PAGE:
What additional blessings did the Lord grant Solomon? (See 1 Kings 3:13–14.) How might these blessings be used to serve others?
What was the first situation requiring King Solomon’s judgment? (See 1 Kings 3:16–22.) How did Solomon solve the problem? (See 1 Kings 3:23–28.) How did Solomon’s solution show that the Lord had blessed him with wisdom?
2. King Solomon directs the construction of a great temple and has a palace built for himself.
As commanded by the Lord, Solomon directed that a temple be constructed. (You may want to briefly review 1 Kings 5:1–6, 17–18; 6:15–36 to emphasize the elaborate nature of the temple.) Why do you think Solomon used such fine material to build the temple?
How did the builders show reverence for the temple during its construction? (See 1 Kings 6:7.)
How did Solomon use his wisdom, riches, and honor to ensure proper construction of the temple? (See 1 Kings 5:1–12. Because of these blessings he was able to obtain building materials and enlist the help of skillful laborers in the construction of the temple.)
Solomon also had a house built for himself. How did the size of his house compare to the size of the house of the Lord? (See 1 Kings 6:2–3; 7:2, 6–7.) How does this use of riches show Solomon’s gradual decline?
3. Solomon dedicates the temple.
After seven years of construction, the temple was dedicated. What are some of the things Solomon prayed for in the dedicatory prayer? (See 1 Kings 8:22–53.)
You may want to list class members’ answers on the chalkboard. Answers may include the following:
In his dedicatory prayer Solomon prayed for the Lord to help his people through many difficult problems. How can temple attendance help us when we are weighed down with problems?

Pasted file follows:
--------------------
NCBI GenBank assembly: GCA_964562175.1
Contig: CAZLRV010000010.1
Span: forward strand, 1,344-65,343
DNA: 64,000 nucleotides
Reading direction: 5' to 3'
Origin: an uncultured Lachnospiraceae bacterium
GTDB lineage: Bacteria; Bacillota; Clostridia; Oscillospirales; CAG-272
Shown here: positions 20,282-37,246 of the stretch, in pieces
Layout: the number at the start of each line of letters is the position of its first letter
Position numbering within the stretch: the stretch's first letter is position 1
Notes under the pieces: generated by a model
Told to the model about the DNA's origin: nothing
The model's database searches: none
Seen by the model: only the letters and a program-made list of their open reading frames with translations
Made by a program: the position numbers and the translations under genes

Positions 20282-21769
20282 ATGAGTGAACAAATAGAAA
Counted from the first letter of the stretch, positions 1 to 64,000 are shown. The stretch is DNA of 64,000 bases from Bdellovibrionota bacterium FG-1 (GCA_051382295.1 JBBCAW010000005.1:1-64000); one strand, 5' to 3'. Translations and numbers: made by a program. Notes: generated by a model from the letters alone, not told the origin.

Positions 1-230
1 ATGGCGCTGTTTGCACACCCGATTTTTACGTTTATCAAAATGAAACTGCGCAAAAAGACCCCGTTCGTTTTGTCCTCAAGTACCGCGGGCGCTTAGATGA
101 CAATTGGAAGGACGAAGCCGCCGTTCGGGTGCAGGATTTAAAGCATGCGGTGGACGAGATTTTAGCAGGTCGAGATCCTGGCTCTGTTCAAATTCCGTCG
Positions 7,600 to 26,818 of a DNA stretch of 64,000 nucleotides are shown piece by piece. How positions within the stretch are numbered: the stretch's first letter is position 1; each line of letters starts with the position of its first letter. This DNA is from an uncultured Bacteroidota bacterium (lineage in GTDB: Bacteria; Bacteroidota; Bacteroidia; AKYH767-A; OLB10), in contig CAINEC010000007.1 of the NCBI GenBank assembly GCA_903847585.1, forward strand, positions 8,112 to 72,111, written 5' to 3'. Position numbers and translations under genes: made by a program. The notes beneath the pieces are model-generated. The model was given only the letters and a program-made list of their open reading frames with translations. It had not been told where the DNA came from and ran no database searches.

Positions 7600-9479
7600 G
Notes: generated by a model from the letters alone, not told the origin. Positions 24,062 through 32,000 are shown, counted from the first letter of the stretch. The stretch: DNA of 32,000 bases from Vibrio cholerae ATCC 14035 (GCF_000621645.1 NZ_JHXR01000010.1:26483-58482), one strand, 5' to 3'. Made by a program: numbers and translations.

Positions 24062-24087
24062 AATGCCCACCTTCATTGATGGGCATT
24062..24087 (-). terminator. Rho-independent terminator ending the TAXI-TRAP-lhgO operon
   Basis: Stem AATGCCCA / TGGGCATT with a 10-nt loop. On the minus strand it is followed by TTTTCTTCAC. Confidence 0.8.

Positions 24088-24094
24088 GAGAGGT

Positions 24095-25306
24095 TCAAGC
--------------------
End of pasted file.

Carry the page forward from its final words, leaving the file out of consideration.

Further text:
President Ezra Taft Benson said: “In the peace of these lovely temples, sometimes we find solutions to the serious problems of life. Under the influence of the Spirit, sometimes pure knowledge flows to us there. Temples are places of personal revelation. When I have been weighed down by a problem or a difficulty, I have gone to the House of the Lord with a prayer in my heart for answers. These answers have come in clear and unmistakable ways” (“What I Hope You Will Teach Your Children about the Temple,” Ensign, Aug. 1985, 8).
Solomon prayed that the temple would help lead unbelievers to the Lord (1 Kings 8:41–43). How might a temple do this? (Invite class members to share examples of how they or others have become interested in the Church because of their interest in temples.)
After Solomon offered the dedicatory prayer, he counseled his people, “Let your heart … be perfect with the Lord our God” (1 Kings 8:61). What do you think it means to have a heart that is “perfect with the Lord”? How can temple attendance help us perfect our hearts?
What can we do to keep the influence of the temple strong in our lives? (Answers may include: Attend frequently where possible, keep a current recommend, and display pictures of temples in our homes.)
What did the people do after the temple was dedicated? (See 1 Kings 8:62–66.) What was the attitude of the people as they returned to their homes after the temple dedication and the 14 days of worship? (See 1 Kings 8:66.) How do you feel when you return home from the temple?
What was the Lord’s message when he visited Solomon after the dedication of the temple? (See 1 Kings 9:3–9. See also 1 Kings 6:11–13. Note that the Lord made a similar statement during the construction of the temple.) Why do you think Solomon needed to be reminded of his covenants? How does the Lord remind us of our covenants?
4. Solomon becomes excessively wealthy and marries many non-Israelite women who persuade him to worship idols.
Teach and discuss 1 Kings 10–11.
How did Solomon’s riches and honor increase after the temple was built? (See 1 Kings 10:1–15, 24–25.) How did Solomon misuse these blessings? (See 1 Kings 10:16–23, 26–29. Point out that he used them to build up his own kingdom rather than God’s kingdom.) How should wisdom, riches, and honor be used? (See Jacob 2:18–19.)